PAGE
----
Participants’ perspectives of a fall prevention exercise program in older Arab Americans: A focus group study

Lan Yao, Suha A. Kridli, Juliana L. Kishek


Background and objective: Physical exercise is an important intervention to maintain health, reduce falls and improve quality-of-life outcomes in older adults. Falls are the leading cause of fatal and non-fatal injuries, and the use of Tai Chi exercise is well-supported by the general older population. Currently, there is little evidence to support the acceptance of Tai Chi by Arab Americans who have no cultural ties to Tai Chi. It is important to understand the perspective of participants in order to gain insight into the attitudes and opinions of the target group.  Purpose: To explore participants' perspectives in a small group setting about the implementation of a culturally sensitive Tai Chi fall prevention group exercise program.

Methods: Participants were eight older Arab American women who completed a 12-week Tai Chi fall prevention exercise program at a non-for-profit Arab community center. A semi-structured interview and focus group study was conducted with the participants and was audiotaped. The audio recordings were translated into English, transcribed, and analyzed for emergent themes.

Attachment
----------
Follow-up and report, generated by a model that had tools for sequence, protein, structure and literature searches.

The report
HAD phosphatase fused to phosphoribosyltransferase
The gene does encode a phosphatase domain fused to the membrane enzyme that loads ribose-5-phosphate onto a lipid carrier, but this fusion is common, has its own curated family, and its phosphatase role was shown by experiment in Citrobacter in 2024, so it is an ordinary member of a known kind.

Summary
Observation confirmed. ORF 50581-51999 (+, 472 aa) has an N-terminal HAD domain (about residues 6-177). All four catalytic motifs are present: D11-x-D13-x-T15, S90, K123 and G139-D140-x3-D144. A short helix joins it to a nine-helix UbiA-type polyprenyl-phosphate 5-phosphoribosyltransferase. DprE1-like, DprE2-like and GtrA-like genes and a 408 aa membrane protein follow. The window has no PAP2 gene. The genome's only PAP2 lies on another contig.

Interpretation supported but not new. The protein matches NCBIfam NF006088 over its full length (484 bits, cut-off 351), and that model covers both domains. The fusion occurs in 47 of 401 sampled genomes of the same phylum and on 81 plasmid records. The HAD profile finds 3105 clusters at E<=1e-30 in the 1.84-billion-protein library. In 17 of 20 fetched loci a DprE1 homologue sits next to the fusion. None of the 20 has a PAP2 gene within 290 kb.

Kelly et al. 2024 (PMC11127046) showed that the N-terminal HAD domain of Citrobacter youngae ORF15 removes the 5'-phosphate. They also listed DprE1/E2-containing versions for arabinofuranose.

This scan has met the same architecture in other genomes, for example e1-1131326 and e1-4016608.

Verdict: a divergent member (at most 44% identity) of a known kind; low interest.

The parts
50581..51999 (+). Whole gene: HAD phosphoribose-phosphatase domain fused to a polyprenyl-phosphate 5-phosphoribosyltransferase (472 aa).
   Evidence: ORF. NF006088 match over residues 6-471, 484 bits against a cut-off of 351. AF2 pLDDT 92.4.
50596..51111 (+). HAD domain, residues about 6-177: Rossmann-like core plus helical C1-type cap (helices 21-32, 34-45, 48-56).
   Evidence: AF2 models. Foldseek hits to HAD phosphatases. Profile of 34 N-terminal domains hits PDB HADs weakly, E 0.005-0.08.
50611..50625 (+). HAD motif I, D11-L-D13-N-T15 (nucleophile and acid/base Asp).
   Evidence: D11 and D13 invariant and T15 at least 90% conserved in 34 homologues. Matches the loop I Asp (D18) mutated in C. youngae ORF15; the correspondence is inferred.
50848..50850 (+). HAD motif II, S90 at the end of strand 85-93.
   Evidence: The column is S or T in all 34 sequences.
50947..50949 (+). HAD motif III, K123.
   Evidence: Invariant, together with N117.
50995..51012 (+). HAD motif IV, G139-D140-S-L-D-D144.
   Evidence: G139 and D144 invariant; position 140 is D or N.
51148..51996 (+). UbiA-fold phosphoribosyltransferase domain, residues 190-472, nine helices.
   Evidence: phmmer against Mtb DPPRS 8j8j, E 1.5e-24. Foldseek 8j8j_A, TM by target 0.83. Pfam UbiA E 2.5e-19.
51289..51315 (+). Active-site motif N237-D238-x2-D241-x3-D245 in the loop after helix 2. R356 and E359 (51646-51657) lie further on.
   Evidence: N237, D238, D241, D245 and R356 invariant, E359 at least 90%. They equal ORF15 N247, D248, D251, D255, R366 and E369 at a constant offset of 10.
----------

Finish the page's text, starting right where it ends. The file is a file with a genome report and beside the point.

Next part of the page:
Results: Participants’ views of the program were positive. The key elements that contributed to the positive outcomes reported by participants were the characteristics of Tai Chi, the Tai Chi instructor, and the use of bilingual staff as a facilitator. The data showed three themes of self-reported benefits, including prevention awareness, physical benefits and mental health benefits, and two program-related factors: program barriers and promoters.

Conclusions: Findings indicated that the Tai Chi program implemented in a culturally sensitive manner can be accepted by older Arab American women. Collaborating with a community-based organization and using bilingual staff from the same culture are key factors to promote the success of the program.

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Journal of Nursing Education and Practice

ISSN 1925-4040 (Print)   ISSN 1925-4059 (Online)

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